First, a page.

Excellence By Accident
“Fanedits” are one of the newer trends in cinema. It’s when amateurs attempt to edit a film, in an attempt to achieve what they believe is perfection. Their legality is sketchy as is their typical distribution. I encountered the strangest fanedit by accident.
I had received a bargain-bin DVD copy of Pearl Harbor. Since I had never seen it, I eventually decided to view the DVD. It was a 2-disc set, but one of the discs was missing. I figured it must have been the special features.
I was very impressed with the film, instantly captivated by a very interesting cold opening, intrigued by the chosen timeline for the film, and the general pacing and structure felt very, very different and definitely refreshing! I didn’t realize the disc clearly said “Disc 2”, and I was in fact watching the second half of the film like an idiot.
(Eventually, I finally saw the first half of the three-hour film.)
My final analysis is that Pearl-Harbor-the-DVD-Part-2 can actually be viewed as a self-contained film. As for references to things in the first half of the film, they generally turn out to be better when you imagine what happened, or speculate what they might be talking about. Of course, due to time constraints, it’s a common occurrence in films anyway – so in this case you don’t even realize there’s something strange going on.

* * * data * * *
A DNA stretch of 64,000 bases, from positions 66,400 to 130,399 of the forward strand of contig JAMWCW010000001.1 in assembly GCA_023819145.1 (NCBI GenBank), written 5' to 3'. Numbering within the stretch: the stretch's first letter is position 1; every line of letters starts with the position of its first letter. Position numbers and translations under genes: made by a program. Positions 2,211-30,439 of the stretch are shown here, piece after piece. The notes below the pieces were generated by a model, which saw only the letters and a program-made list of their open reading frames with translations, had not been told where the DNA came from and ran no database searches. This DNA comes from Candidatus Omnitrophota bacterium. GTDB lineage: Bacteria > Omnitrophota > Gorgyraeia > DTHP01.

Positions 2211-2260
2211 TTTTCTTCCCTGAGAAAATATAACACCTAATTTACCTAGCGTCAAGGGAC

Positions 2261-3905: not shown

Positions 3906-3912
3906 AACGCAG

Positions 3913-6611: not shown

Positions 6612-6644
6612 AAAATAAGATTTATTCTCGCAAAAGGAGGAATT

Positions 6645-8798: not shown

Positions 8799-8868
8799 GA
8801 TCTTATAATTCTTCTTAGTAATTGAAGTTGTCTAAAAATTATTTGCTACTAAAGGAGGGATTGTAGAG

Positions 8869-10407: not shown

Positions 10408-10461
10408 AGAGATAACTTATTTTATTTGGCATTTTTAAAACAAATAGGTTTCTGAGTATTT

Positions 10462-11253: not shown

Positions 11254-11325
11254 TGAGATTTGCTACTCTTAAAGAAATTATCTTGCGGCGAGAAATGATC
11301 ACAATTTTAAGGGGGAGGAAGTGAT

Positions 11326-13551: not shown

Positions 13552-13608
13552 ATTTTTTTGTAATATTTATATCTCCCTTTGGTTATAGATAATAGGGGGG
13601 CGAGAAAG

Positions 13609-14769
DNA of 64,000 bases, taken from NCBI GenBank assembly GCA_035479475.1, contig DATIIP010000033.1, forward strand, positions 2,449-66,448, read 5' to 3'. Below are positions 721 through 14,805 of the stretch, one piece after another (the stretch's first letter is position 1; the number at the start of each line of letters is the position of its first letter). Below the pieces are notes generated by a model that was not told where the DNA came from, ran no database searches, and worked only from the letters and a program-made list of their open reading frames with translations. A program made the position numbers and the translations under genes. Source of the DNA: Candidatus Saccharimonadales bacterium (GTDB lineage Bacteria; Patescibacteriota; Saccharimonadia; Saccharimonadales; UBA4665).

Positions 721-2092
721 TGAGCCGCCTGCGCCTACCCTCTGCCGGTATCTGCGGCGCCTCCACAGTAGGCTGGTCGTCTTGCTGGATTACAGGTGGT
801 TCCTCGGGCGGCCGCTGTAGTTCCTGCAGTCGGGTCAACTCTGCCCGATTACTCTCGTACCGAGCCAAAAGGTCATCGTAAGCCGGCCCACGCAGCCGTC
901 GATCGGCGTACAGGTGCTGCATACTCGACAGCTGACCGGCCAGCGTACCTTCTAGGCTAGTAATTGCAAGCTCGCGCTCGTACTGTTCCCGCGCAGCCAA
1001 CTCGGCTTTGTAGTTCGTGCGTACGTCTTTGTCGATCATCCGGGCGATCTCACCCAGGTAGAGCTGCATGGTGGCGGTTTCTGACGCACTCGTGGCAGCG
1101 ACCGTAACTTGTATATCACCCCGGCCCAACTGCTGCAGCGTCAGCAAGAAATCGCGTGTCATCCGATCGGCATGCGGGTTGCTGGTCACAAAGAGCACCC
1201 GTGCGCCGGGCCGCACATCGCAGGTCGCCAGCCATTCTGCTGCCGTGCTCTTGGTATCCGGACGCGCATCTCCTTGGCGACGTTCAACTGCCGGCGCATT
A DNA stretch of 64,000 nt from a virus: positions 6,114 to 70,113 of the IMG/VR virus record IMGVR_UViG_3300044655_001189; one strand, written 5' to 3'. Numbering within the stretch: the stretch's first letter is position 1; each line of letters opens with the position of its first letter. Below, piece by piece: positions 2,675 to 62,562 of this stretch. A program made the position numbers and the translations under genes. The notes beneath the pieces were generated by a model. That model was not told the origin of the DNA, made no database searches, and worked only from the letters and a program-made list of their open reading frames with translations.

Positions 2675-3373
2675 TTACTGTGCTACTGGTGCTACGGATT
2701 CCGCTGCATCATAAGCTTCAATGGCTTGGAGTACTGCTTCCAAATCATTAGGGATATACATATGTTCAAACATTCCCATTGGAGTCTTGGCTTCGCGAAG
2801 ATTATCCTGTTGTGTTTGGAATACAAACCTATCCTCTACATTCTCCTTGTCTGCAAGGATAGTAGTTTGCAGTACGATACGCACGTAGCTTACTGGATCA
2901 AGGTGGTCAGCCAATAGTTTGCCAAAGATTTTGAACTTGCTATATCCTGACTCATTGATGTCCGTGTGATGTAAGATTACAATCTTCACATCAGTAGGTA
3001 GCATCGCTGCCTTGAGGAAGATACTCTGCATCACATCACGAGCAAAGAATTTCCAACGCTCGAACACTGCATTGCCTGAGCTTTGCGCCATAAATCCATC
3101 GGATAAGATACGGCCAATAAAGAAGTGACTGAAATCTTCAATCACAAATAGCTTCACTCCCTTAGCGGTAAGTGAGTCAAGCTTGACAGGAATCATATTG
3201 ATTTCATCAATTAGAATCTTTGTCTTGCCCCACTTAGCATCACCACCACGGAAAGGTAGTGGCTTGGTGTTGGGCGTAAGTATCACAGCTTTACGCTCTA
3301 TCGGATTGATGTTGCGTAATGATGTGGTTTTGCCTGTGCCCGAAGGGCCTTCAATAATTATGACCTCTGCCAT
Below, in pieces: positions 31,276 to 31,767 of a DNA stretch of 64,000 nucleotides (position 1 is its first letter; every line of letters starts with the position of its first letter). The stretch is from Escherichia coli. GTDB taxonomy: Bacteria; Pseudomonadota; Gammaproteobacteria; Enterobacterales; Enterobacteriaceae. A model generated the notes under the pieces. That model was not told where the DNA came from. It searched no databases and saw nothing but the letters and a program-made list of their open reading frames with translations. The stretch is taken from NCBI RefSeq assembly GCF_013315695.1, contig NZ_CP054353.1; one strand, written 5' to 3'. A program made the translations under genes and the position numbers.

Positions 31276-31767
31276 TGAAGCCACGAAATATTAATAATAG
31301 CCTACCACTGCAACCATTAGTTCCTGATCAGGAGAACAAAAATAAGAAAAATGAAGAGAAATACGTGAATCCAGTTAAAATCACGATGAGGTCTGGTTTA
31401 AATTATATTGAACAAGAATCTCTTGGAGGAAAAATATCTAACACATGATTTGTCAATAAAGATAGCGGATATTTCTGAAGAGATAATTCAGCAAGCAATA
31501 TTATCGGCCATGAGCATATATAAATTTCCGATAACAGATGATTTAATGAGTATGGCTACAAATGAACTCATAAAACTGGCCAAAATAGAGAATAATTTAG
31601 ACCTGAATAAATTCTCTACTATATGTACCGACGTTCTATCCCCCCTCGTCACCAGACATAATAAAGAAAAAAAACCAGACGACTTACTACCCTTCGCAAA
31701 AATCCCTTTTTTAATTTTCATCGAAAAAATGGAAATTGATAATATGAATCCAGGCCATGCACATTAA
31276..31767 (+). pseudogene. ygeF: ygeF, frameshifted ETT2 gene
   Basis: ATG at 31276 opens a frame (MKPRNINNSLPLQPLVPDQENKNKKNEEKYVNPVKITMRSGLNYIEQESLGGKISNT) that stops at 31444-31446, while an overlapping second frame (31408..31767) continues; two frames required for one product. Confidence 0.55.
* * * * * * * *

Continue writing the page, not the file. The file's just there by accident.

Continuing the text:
Pearl-Harbor-the-DVD-Part-2 is better than Pearl-Harbor-the-DVD-Part-1 .
More surprisingly, it’s also better than Pearl-Harbor-the-DVD-Part-1-and-Part-2!
I don’t claim it’s perfect, but I do claim it’s better. Much better, in fact.
Throw away the first disc, and you have the ultimate Pearl Harbor fanedit. If you’ve never seen Pearl Harbor, you’re the next-to-perfect test subject. (In this case the perfect test subject would be completely unaware of what’s going on.) Watch the second half of the film and see for yourself.
Can something more useful than a random film review be gleaned from this? Yes, I believe so. Sometimes, superior quality and solutions can be found in the strangest places. Never close the door on brainstorming methods or approaches. You never know what you’ll find. And sometimes a lack of awareness can open the mind, when otherwise it might be gridlocked with conventional thinking.